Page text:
Here's how criminals may recruit money mules to transfer their investments: RCMP

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Ten suspected money mules who investigators believe transferred funds on behalf of criminals were hand-delivered warnings last month as officials aim to crack down on investment fraud.

In a statement Monday, the RCMP and B.C. Securities Commission shared details about a joint operation conducted on May 29. Together, the agencies hand-delivered letters to people investigators say may be involved in fund transfers for criminals, perhaps unknowingly.

“The use of money mules is a common money laundering tactic, helping criminals move their ill-gotten gains by concealing the identity, source and destination of funds,” the joint statement said. “The BCSC identified the suspected money mules after uncovering information that they sent or received money or cryptocurrency that was obtained from victims of investment fraud.”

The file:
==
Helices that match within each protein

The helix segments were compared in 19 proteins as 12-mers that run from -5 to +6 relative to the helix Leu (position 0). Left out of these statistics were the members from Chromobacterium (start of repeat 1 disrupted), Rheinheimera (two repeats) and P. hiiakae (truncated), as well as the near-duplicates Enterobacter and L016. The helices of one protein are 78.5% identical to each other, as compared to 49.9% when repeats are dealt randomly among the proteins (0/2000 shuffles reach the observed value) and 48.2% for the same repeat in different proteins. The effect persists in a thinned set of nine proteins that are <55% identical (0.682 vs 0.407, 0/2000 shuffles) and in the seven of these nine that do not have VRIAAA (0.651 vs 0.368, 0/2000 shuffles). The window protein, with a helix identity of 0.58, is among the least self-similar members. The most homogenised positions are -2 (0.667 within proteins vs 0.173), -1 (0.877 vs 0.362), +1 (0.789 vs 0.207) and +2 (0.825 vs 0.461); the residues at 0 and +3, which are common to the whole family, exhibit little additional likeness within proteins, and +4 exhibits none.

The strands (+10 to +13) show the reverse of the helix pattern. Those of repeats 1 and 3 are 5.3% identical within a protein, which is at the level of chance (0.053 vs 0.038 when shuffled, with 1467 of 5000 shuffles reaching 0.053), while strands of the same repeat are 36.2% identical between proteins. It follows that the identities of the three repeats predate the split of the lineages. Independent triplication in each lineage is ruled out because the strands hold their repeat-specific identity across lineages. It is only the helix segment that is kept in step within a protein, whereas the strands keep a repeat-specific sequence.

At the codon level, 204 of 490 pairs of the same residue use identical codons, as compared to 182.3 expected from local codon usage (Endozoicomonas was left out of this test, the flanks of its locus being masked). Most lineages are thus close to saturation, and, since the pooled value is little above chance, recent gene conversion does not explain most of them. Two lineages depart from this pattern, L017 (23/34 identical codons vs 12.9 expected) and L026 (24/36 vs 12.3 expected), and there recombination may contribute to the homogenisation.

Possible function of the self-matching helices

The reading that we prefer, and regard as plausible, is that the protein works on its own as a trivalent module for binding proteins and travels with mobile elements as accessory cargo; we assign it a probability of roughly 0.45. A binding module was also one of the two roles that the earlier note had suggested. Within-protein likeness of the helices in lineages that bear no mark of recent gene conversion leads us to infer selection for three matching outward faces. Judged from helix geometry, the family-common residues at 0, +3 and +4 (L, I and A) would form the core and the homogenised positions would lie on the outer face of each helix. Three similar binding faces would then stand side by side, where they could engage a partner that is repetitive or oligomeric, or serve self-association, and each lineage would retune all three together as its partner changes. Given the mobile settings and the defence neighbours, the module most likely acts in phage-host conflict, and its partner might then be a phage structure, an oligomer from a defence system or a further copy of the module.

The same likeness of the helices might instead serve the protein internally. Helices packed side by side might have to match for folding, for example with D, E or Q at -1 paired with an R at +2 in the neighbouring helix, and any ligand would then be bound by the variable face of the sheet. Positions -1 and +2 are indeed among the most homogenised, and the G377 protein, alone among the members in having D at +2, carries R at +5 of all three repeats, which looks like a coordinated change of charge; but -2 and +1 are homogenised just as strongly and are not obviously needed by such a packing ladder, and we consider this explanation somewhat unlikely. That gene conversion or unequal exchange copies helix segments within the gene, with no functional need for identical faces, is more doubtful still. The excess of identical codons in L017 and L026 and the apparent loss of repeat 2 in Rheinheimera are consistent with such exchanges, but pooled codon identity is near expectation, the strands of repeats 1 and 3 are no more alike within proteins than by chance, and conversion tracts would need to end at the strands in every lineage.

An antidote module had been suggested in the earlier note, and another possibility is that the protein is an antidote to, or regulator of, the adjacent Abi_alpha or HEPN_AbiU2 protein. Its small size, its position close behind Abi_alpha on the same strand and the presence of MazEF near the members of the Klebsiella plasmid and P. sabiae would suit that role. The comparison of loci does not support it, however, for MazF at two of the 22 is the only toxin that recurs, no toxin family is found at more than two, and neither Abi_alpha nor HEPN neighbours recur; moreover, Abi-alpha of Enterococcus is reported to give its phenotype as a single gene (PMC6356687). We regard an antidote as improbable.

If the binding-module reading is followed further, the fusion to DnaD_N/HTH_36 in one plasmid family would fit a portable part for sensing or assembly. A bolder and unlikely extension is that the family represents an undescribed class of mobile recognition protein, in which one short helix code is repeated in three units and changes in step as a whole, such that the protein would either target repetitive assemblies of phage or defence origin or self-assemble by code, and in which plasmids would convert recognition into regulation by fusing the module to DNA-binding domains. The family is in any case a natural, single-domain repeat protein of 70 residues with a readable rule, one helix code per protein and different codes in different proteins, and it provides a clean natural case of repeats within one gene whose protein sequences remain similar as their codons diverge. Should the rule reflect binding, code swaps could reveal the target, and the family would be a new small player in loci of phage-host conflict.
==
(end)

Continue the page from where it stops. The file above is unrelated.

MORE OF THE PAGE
In some cases, investigators said, the individuals may not realize they’re transferring money on behalf of criminals and may be victims of a scam themselves.

Criminals may recruit money mules by offering a portion of the transferred funds as payment, promising job offers or lying about their identity and striking up an online friendship or romance to entice someone to help them with a transfer. Money mules may be asked to process payments, ship products or transfer money from a victim to the fraudster, investigators said.

“Money mules may think they are helping out a friend or romantic partner, or performing a task for an online job,” the joint statement said. “If money mules continue to send or receive funds on behalf of criminals after being warned not to do so, they could be charged with criminal or regulatory offences.”

Avoiding recruitment

Investigators offered several tips for the members of the public to avoid unwittingly becoming a money mule, including never moving funds on someone’s behalf if they’ve never met in person. Officials also said to avoid unsolicited email or social media messages that “promise quick money for little or no work.”

“If you have already received money or crypto assets from a person you met online, or suspect you have been the victim of investment fraud, immediately notify your bank or credit union, and report it to the BCSC, or the RCMP,” the agencies’ joint statement said.